Thanks for all the suggestions! We do have deer. This year for the first time I tried Liquid Fence, which was 100% effective in warding them off... this is the first time they haven't chomped on all my hostas. But I'm not sure if it would work to protect larger trees/shrubs.

Rhododendron is one idea, though... we have two large plants on one side of our house, and they've never been touched by deer, but that may just be because they're right next to the house. They have grown quite rapidly and may be good for filling the bare spots where we don't need something very tall. We have acidic soil and they thrive.

The neighboring house is at roughly the same level as ours, but our biggest area of concern is actually an elevated area in which the neighboring property juts almost in front of our house... the neighbor's property at that point is at road level, while our house is set both back, and down considerably from the road. There is no perfect solution because to provide good screening in that area we'd need to plant 20+ foot trees down on our property. Sigh. There used to be woods up at the road and a new neighbor moved in and impulsively removed them up to and possibly over the property line, in order to use the space for purposes which violate the zoning ordinance. Now there is just a useless bare spot. (Better bare than filled with junk, though.) We have transplanted some white pines elsewhere, and they do grow quickly, but they get leggy/spindly and don't provide much screening until they have huge trunks.

Spruce may be ideal... tall and thick. I just haven't liked their uniform shape. But I will look into both those and the Cypress. Thanks!

    Bookmark   September 3, 2013 at 11:49PM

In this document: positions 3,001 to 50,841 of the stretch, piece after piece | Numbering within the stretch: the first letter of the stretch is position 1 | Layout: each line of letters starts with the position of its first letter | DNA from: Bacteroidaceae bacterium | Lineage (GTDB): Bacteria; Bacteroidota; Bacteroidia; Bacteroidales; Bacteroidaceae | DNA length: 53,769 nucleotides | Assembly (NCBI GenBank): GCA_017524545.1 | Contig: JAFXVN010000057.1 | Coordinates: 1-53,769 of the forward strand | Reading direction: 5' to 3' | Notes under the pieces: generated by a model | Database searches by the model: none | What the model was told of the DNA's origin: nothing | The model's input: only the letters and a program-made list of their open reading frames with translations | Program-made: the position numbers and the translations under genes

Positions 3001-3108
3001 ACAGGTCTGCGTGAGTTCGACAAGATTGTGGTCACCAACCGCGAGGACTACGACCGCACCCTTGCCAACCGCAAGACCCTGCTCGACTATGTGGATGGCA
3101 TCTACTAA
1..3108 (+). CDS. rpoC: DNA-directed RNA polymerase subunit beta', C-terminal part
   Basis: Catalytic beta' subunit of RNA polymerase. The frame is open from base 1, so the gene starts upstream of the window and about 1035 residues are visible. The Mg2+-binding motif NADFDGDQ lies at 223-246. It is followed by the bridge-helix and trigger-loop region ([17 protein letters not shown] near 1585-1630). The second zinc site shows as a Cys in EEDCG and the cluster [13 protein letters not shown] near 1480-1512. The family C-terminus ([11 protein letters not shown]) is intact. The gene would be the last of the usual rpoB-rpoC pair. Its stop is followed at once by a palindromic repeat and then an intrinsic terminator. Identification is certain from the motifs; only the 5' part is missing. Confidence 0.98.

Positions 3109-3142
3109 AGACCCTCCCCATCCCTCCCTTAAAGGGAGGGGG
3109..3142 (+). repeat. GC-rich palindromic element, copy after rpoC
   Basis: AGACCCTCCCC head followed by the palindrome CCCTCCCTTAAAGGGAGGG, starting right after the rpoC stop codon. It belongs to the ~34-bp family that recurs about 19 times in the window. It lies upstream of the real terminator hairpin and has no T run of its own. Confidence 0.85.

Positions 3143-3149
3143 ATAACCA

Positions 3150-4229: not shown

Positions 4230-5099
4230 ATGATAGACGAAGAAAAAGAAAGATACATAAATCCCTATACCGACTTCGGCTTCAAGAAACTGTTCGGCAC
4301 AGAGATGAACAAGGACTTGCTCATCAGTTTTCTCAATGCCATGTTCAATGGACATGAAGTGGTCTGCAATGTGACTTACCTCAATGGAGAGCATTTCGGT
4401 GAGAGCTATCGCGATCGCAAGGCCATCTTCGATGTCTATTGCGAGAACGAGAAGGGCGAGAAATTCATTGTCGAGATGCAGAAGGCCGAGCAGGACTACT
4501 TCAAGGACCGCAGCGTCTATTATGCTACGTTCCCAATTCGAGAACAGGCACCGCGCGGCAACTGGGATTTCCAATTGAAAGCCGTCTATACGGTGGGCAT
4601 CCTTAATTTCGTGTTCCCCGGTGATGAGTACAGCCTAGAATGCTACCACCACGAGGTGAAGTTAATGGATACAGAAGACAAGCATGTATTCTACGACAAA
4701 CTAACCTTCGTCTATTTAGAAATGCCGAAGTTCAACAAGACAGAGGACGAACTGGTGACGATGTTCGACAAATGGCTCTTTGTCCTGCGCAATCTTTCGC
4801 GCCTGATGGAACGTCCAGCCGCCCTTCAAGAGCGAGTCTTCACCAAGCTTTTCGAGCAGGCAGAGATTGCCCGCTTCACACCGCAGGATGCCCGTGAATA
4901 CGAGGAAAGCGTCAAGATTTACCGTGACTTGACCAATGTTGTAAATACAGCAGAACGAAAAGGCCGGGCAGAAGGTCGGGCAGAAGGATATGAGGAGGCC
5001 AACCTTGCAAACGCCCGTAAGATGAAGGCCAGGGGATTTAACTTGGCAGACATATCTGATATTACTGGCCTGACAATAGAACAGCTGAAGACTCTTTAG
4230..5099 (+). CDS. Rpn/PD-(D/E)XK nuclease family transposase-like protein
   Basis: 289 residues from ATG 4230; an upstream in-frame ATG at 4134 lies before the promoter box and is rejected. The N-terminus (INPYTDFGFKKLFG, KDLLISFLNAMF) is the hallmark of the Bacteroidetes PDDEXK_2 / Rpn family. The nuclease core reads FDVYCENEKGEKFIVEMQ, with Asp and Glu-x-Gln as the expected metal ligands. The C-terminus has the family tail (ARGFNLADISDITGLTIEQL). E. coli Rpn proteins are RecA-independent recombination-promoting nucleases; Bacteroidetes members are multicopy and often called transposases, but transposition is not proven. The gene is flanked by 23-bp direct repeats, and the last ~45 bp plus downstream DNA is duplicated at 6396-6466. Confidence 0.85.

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dekeoboe(7B NC)

I was also going to recommend hollies. Just research the type to make sure you get a type that is fairly deer resistant. I would not recommend Mountain Laurel as it is often on the list of bushes/tree that will sometimes get severely damaged by deer.

    Bookmark   September 5, 2013 at 8:38PM
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suenh(4)

hemlock

    Bookmark   October 13, 2013 at 4:32PM
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wisconsitom

I'm surprised that Canadian hemlock is still viable in that area, thinking that the wooly adelgid had made its way up into New England. If I am wrong, I am delighted to be so. We've got lots of hemlocks in the part of the country where I live, and it would be truly sickening to lose them to this insect.

Of all spruce species commonly available, the only one I'd recommend would be Norway spruce. Again back in my area, other spruce species are doing very poorly in the landscape in recent years. But the Norways seem much better adapted to what comes their way.